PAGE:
I’ve been meaning to write a political post for a while now, but do I really have anything to say that hasn’t been said a million times already? The country has had plenty of terrible people as President, but were any of them also as grossly incompetent as our current one? Thirty-six percent is a low approval rating, but how does he even have that much support? It’s strange to me how many contradictions there are in his message, and not just because you can find an old tweet of his criticizing pretty much everything he’s doing now, but just in general.
He wants to be popular and well-loved AND purposely alienate large groups of people? The slogan “Make America Great Again” suggests that the country WASN’T great before he took office, yet he still believes in American exceptionalism? How can both be true? In the first case, it’s no surprise that he’s such a fan of Vladimir Putin, because he has the same desire to silence critics. That’s a good way to get everyone to hate you, but never dare to admit it, which sounds like a delusion to me. I know part of it is that it’s easier to get people to agree with your agenda if they never see the arguments against it, but don’t you end up doing the same thing to yourself? Maybe you don’t care if you already have a lot of money and power, but I’m not even sure about that. I mean, how many times has Trump bragged about his television ratings? He’s essentially the most powerful person in the world, so why would he care about something so relatively insignificant? And why have rallies after you’ve already won? I seem to remember reading that Trump’s morale was lowered by all the protests against him, which kind of surprised me because I figured he was just the kind of person who wouldn’t pay attention to such things. A protest can only be effective if people take notice of it, right? And back in August, Eric Trump said his father had to tune out negative media coverage or “quite frankly you’d probably end up killing yourself out of depression.” Yeah, because you couldn’t take the criticism into consideration, or resign if you really can’t handle it. It seems at first like a good thing that Trump is actually bothered by criticism, but not so much when his reaction is to encourage censorship and double down on pandering to the small but significant subset that still supports him.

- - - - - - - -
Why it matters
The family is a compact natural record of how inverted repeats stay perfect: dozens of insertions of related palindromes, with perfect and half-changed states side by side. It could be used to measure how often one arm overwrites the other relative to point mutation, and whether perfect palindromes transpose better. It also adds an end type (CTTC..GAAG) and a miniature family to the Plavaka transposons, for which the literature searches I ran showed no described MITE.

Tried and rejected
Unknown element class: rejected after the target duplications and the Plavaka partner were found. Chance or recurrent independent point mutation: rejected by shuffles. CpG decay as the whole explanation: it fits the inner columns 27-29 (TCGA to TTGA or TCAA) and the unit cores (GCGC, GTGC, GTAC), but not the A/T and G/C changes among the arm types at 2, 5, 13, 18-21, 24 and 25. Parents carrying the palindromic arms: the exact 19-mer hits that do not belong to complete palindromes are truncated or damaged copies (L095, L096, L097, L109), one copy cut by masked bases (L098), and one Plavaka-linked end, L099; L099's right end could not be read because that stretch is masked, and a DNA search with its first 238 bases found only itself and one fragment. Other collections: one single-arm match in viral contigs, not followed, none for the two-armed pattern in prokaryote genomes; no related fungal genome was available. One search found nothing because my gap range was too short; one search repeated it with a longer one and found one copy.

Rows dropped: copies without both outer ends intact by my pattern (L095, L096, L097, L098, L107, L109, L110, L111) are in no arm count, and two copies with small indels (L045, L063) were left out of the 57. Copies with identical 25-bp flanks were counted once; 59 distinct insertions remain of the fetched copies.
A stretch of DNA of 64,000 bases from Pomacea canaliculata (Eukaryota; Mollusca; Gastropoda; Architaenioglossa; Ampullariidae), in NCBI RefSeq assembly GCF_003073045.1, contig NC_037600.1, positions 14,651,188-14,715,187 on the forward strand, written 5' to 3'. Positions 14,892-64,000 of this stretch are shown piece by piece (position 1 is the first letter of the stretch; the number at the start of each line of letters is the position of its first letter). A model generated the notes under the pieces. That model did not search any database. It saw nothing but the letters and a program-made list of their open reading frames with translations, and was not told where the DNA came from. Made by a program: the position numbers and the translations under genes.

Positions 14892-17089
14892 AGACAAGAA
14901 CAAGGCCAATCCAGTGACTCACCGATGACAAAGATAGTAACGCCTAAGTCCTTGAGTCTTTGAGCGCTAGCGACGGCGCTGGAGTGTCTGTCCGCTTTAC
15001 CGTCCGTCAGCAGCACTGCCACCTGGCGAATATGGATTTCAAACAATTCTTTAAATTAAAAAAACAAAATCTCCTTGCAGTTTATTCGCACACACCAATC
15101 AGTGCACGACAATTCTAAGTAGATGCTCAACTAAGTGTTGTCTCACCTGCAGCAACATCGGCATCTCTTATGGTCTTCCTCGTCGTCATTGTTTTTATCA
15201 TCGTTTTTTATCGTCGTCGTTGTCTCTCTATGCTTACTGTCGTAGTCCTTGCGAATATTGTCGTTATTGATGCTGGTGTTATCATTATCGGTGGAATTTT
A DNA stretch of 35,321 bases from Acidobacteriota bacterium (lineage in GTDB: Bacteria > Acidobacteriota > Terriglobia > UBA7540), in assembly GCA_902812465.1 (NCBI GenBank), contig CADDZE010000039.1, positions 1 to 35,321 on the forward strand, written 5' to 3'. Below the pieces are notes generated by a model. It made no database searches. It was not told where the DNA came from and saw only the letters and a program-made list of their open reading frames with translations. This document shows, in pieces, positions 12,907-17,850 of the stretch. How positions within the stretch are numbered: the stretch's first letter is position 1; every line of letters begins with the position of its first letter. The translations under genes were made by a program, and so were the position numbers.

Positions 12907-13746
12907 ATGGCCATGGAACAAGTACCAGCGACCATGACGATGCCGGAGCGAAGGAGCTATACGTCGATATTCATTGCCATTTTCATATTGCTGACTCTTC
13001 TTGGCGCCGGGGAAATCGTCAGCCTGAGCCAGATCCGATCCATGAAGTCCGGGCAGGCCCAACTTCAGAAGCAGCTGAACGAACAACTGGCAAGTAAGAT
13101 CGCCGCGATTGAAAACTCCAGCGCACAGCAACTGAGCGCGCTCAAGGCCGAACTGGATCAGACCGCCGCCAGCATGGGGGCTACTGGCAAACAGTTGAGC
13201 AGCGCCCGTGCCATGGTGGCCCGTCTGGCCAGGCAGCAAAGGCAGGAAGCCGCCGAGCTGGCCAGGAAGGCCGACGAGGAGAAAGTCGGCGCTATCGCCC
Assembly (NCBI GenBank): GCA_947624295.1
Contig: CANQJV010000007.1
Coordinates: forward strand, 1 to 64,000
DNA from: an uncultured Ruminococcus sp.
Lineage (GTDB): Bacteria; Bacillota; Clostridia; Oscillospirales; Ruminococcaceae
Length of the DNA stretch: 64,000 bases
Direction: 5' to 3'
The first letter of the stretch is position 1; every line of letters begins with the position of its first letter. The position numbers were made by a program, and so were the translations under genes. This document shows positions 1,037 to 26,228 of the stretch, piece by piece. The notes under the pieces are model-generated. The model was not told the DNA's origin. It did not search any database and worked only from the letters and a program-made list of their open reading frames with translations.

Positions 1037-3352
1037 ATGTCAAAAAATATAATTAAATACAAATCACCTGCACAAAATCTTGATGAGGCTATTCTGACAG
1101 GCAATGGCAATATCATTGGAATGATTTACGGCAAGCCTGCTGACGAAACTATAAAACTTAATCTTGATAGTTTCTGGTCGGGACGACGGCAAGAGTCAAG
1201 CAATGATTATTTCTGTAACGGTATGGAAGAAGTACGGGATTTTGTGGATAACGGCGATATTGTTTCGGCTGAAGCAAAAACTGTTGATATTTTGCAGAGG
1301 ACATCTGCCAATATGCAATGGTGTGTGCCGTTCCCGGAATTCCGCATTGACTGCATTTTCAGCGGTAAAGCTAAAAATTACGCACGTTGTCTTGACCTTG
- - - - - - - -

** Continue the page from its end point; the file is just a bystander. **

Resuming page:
I had also wanted to comment a bit on this negative review of Hillary Clinton’s book, which is from more than a month ago, but I guess it’s still all right. I haven’t read the book and I’m not sure I will, but I think the review makes some valid points. Two of the main ones are that she comes across as out of touch and as far too pragmatic. I do want to qualify the latter somewhat, as there’s nothing wrong with being pragmatic; you pretty much have to be to succeed in leadership. But it sounds like Hillary wasn’t even TRYING to be particularly progressive.
It’s one thing to compromise, but another to essentially start negotiating with the other side’s position. Obama was criticized quite a bit for this early on in his administration, presumably trying to get the opposition to like him, and I think he learned that’s not always possible. I think it’s quite likely that, if Bernie Sanders had been elected, he wouldn’t have been able to make public college free for everyone, but I’d have given him credit for trying. Hillary gives the impression that she didn’t want to try, that she was too sympathetic to the Republican position that it would just be a handout to lazy people (although somehow they don’t seem to care when rich people get handouts). And couldn’t she explain that there had to be concessions to get the crime bill passed AND apologize for its negative impact? That’s hardly the contradiction that believing America is exceptional AND wanting to make it great again is. I’m getting increasingly annoyed at American exceptionalism, and I never liked it. Hillary’s answer to Trump’s slogan was that America was already great. And it is in some ways, many of which Trump wants to get rid of. But we still have a lot of problems as well, and I feel that exceptionalism is often an excuse not to try to improve.